Thursday, 20 February 2014

UN vs. Vatican

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On January 16, 2014 the United Nations Committee on the Rights of the Child interrogated the Apostolic Nuncio (an ambassador of the Vatican) to the United Nations in Geneva, Monsignor Silvano Tomasi. Various news outlets referred to the committee proceedings as a “grilling” of H.E. (His Eminence) Tomasi concerning the Catholic Church's progress with stemming sexual abuse of children by pedophile priests. The purpose of the meeting was to ascertain how compliant the Holy See has been with the UN Convention on the Rights of the Child, of which the Holy See is a signatory.

The UN Committee released a report on January 31 detailing the committee's findings from the January 16 inquiry. The report focused partly on the Church's well-publicized issues with sex abuse of minors by priests, but also dealt with subjects concerning everything from contraception to the use of “baby boxes” by Catholic organizations.

The UN would prefer that the Catholic Church provide and promote abortion, which is against Catholic teaching, as an alternative to the aforementioned “baby boxes” referenced in article 35 of the report, which are a blame-free mechanism for mothers to ensure care for their children. These boxes, where a mother who isn't able to care for her child may anonymously leave the baby, go against article 7 of the Convention on the Rights of the Child, which states that a child has a right to know and be raised by the child's parents. The UN sees abortion as an alternative to the baby boxes. In article 55 of the report, “The Committee urges the Holy See to review its position on abortion ... with a view to identifying circumstances under which access to abortion services can be permitted.” It is safe to assume that the Committee knows this is impossible for the Holy See to do without ceasing to be Catholic.

Also at issue in the report is the Holy See's emphasis on the complementarity of the sexes and use of “gender stereotypes.” These issues are addressed in article 27 using the terms “boys” and “girls”:

The Committee regrets that the Holy See continues to place emphasis on the promotion of complementarity and equality in dignity.... The Committee also regrets that the Holy See did not provide precise information on the measures taken to promote equality between girls and boys and to remove gender stereotypes from Catholic schools textbooks.

The report emphasizes the need for and lack of equality between “girls and boys"; however, in article 57 (f) the report urges the Holy See to educate boys and men “in particular” about “responsible parenthood and sexual behaviour.”

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There is, overall, very little church teaching concerning sexual morality that is not touched upon in the report with a suggestion that it be changed. In article 56 the committee urges the church to change her stance on contraception; in article 57(a) the committee strongly insinuates that the church allow and encourage premarital sex among teens; and the church's teaching on homosexuality is taken to task in article 25, among others.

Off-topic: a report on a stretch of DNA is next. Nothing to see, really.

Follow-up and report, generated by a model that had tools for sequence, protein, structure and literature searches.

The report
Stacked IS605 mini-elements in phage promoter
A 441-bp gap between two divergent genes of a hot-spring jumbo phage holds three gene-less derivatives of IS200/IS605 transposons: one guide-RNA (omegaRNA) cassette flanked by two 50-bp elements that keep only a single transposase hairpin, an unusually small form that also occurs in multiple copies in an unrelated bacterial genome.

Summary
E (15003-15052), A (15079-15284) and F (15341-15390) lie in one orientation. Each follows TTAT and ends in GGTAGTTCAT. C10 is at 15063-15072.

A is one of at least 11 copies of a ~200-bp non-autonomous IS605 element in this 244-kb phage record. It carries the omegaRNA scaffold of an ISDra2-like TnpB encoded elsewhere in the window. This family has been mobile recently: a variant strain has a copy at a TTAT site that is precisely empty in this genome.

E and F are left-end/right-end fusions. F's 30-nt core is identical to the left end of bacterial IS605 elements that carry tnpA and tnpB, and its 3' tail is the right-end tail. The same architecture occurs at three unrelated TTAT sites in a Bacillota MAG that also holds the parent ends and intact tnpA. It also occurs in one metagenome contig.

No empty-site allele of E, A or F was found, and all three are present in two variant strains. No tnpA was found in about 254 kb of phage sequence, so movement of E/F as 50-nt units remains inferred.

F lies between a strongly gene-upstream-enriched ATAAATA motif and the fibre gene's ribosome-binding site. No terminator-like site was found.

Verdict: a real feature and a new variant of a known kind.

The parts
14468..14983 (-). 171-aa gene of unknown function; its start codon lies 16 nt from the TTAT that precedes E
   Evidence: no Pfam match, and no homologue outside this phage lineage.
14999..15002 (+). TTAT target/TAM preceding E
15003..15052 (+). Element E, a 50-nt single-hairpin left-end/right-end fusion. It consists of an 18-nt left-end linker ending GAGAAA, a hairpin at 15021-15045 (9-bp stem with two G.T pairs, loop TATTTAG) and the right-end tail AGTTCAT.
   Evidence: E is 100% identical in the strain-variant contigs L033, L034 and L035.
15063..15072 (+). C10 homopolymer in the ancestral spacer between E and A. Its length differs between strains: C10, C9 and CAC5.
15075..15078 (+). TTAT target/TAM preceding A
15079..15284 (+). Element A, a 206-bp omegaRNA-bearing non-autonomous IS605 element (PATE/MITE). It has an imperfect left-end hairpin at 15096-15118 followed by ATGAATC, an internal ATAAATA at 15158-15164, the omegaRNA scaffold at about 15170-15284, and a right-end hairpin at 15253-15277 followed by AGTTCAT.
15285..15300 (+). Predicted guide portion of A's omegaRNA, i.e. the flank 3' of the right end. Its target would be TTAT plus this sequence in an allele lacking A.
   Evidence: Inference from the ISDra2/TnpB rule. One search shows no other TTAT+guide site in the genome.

The Catholic Church's views on sex were not the only teachings taken to task by the committee, however. The church also holds a different view from the committee on the role of parents, whom the church holds responsible for educating their children in the way the parents see fit. In article 31 “The Committee is concerned that the Holy See restrictively interprets children’s right to express their views in all matters affecting them, as well as their rights to freedom of expression, association and religion.”

There are myriad other "the-Committee-is-concerneds" throughout the report, including constructive criticism on the handling of sex abuse by priests. These concerns are mostly with a view to change church teaching, however.

Of course, none of the aforementioned disagreements was lost on the Holy See and, as LifesiteNews reported on February 10, there was some exchange of rhetorical blows after the report was issued. Both Tomasi and Fr. Frederico Lombardi, the director of the Vatican press office, issued statements decrying the report's apparent bias. Lombardi took the committee to task for a “lack of understanding of the specific nature of the Holy See” and both men insinuated that the report may have been written prior to the Holy See's presentation to the committee. Lombardi remained diplomatic, however, and chalked it up to “different visions” in the “vast world of the UN.” The committee issued a response which seemed to be a mere diplomatic nicety for its brevity and evasive nature.

The UN is currently dealing with its own sex abuse scandals and human rights violations, perpetrated by UN “peacekeepers,” on far grander scales than those of the Holy See. These scandals are repetitive occurrences, suggesting an endemic incapability of dealing with these issues on an organizational level. This colors the whole context of the committee's report on the Holy See and their criticisms of the Catholic Church's handling of sex abuse as odd and ironic. The UN giving advice on how an organization should deal with sex abuse of minors feels a little like listening to a child molester pontificate on the best way to run a daycare.

Photos of Chairperson of the U.N. Committee on the Rights of the Child Kirsten Sandberg and Pope Francis: AP Images

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